Allan Rich, who was blacklisted in Hollywood early in his career and later found his niche as a versatile character actor in hundreds of roles, died on Aug. 22 at the Lillian Booth Actors Home in Englewood, N.J. He was 94. Rich’s notable feature film credits included playing district attorney Herman Tauber in Sidney Lumet’s …
Allan Rich, who was blacklisted in Hollywood early in his career and later found his niche as a versatile character actor in hundreds of roles, died on Aug. 22 at the Lillian Booth Actors Home in Englewood, N.J. He was 94.
Rich’s notable feature film credits included playing district attorney Herman Tauber in Sidney Lumet’s “Serpico,” judge Juttson in Steven Spielberg’s “Amistad,” and television executive Robert Kintner in Robert Redford’s “Quiz Show,” for which The New York Times reviewed his performance as having “the gruff assurance of a real executive.”
Rich was born Benjamin Norman Schultz on Feb. 8, 1926, in New York’s the Bronx. In 1943 he made his Broadway debut in “I’ll Take the High Road,” produced by Milton Berle. He became lifelong friends with Berle and went on to work with Edward G. Robinson, Claude Raines, Ralph Bellamy, Jack Palance, Kim Hunter and Henry Fonda. He also appeared in the Broadway productions of “Career Angel,” “Darkness at Noon,” and “The Emperor’s Clothes.”
During the mid 1940s, Rich was part of the Theatrical Action Committee to Free Willie McGee, a Black man from Mississippi who had been convicted of rape in 1945 and subsequently electrocuted in 1951. Rich’s advocacy of civil rights landed his name in Red Channels, the Hollywood blacklist.
No longer able to get a job as an actor, and needing to support a young family, he became a stockbroker, eventually opening a brokerage firm. He also developed an expertise in modern art and opened the Allan Rich Galleries on Madison Avenue. He published a series of lithographs by Salvador Dali and later wrote a screenplay about their escapades in the art world. He also helped George Hurrell become rediscovered for his portraits of Hollywood stars of the Golden Age.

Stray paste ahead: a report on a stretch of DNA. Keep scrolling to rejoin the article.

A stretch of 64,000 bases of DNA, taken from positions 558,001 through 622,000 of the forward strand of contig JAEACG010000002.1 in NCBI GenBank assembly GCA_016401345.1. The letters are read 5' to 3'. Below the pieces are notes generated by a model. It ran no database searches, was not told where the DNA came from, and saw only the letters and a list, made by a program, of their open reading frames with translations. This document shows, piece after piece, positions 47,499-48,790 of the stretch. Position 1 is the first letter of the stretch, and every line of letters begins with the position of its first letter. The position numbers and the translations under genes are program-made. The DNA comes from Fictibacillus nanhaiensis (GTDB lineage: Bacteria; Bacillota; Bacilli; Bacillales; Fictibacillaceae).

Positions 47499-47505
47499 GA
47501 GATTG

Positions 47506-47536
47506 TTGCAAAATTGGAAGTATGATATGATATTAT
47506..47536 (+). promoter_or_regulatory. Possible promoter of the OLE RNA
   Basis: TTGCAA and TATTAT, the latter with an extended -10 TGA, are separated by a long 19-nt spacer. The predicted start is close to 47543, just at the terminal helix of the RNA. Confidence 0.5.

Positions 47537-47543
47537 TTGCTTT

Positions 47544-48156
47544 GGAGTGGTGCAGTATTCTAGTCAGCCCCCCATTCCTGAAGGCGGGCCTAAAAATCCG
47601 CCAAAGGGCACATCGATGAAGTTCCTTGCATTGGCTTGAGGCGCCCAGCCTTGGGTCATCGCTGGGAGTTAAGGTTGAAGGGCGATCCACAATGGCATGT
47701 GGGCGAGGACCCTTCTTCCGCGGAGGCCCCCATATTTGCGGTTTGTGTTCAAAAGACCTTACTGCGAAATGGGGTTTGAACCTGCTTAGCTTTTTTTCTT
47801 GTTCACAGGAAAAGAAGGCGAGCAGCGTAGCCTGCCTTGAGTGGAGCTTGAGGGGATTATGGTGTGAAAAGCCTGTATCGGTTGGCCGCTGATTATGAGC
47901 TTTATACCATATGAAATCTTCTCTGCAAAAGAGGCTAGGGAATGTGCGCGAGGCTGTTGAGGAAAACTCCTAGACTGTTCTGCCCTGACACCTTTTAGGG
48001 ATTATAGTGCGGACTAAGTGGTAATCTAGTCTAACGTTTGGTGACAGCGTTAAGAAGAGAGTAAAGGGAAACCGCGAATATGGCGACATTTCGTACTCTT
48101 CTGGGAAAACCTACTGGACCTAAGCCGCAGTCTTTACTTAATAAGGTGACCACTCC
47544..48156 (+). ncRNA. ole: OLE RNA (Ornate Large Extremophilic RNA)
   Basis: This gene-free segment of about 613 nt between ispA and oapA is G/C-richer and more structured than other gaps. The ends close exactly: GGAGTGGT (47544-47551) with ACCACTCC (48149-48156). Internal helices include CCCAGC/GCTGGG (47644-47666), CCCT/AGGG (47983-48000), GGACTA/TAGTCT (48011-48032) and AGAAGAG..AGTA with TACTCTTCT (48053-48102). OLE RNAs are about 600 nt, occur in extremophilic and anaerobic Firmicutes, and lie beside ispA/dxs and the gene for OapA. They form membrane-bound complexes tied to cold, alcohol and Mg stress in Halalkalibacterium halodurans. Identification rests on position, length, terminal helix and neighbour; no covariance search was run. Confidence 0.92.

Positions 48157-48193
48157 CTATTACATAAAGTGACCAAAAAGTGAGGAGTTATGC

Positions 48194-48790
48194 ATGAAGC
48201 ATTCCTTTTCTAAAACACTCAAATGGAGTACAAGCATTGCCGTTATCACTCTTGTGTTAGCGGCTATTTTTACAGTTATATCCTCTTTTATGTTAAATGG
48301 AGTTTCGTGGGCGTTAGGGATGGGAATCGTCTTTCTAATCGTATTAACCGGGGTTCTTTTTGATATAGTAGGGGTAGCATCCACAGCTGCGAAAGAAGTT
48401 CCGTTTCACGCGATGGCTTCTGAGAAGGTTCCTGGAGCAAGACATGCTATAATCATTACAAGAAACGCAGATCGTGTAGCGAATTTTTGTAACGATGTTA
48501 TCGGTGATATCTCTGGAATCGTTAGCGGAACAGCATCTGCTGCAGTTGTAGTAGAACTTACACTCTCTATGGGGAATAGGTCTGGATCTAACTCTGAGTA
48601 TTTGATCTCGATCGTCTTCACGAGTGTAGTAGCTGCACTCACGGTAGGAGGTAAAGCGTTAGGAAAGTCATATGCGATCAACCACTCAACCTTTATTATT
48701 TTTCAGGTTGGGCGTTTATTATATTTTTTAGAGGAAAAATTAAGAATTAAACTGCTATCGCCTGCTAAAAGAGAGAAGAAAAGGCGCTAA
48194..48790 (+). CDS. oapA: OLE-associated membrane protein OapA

Rich returned to acting in Harold Clurman’s After Theatre Master Class in the early 1960s, and in 1966 he appeared on stage in “Journey of the Fifth Horse” with a young Dustin Hoffman. He began appearing in films after being cast in “Serpico” in 1973. His television appearances, beginning with “Armstrong Circle Theatre” and “Naked City,” included “All in the Family,” “Baretta,” “Kojak,” “NYPD Blue,” “Barney Miller,” “Happy Days,” “The Nanny” and “Curb Your Enthusiasm.”
Rich developed his own acting technique, detailed in his book “A Leap From the Method.” Some of his famous students include Sharon Stone, Jamie Lee Curtis, Rene Russo, Donna Dixon, Alan Thicke and Larry Miller. In 1994, Rich co-founded We Care About Kids, a non-profit organization that produced live-action educational short films distributed free to middle and high school youths to fight prejudice.
Rich’s wife of 62 years, Elaine, passed away in 2015 after serving as personal manager to Fran Drescher, Peter Marc Jacobson and Dixon.
“He lived large and was quite heroic to many including me when faced with the depths of despair,” Drescher said. “He had a great intellect and excelled in everything he set his mind to. He was always on the side of good and right.”
He is survived by his son David and daughter-in-law Wendy, his daughter Marian and son-in-law Ed, and his two grandchildren Julia and Ruby. The family has asked that donations be made to his daughter Marian’s non-profit Global Play Brigade in an effort to help those impacted by Covid-19 by visiting https://www.globalplaybrigade.org.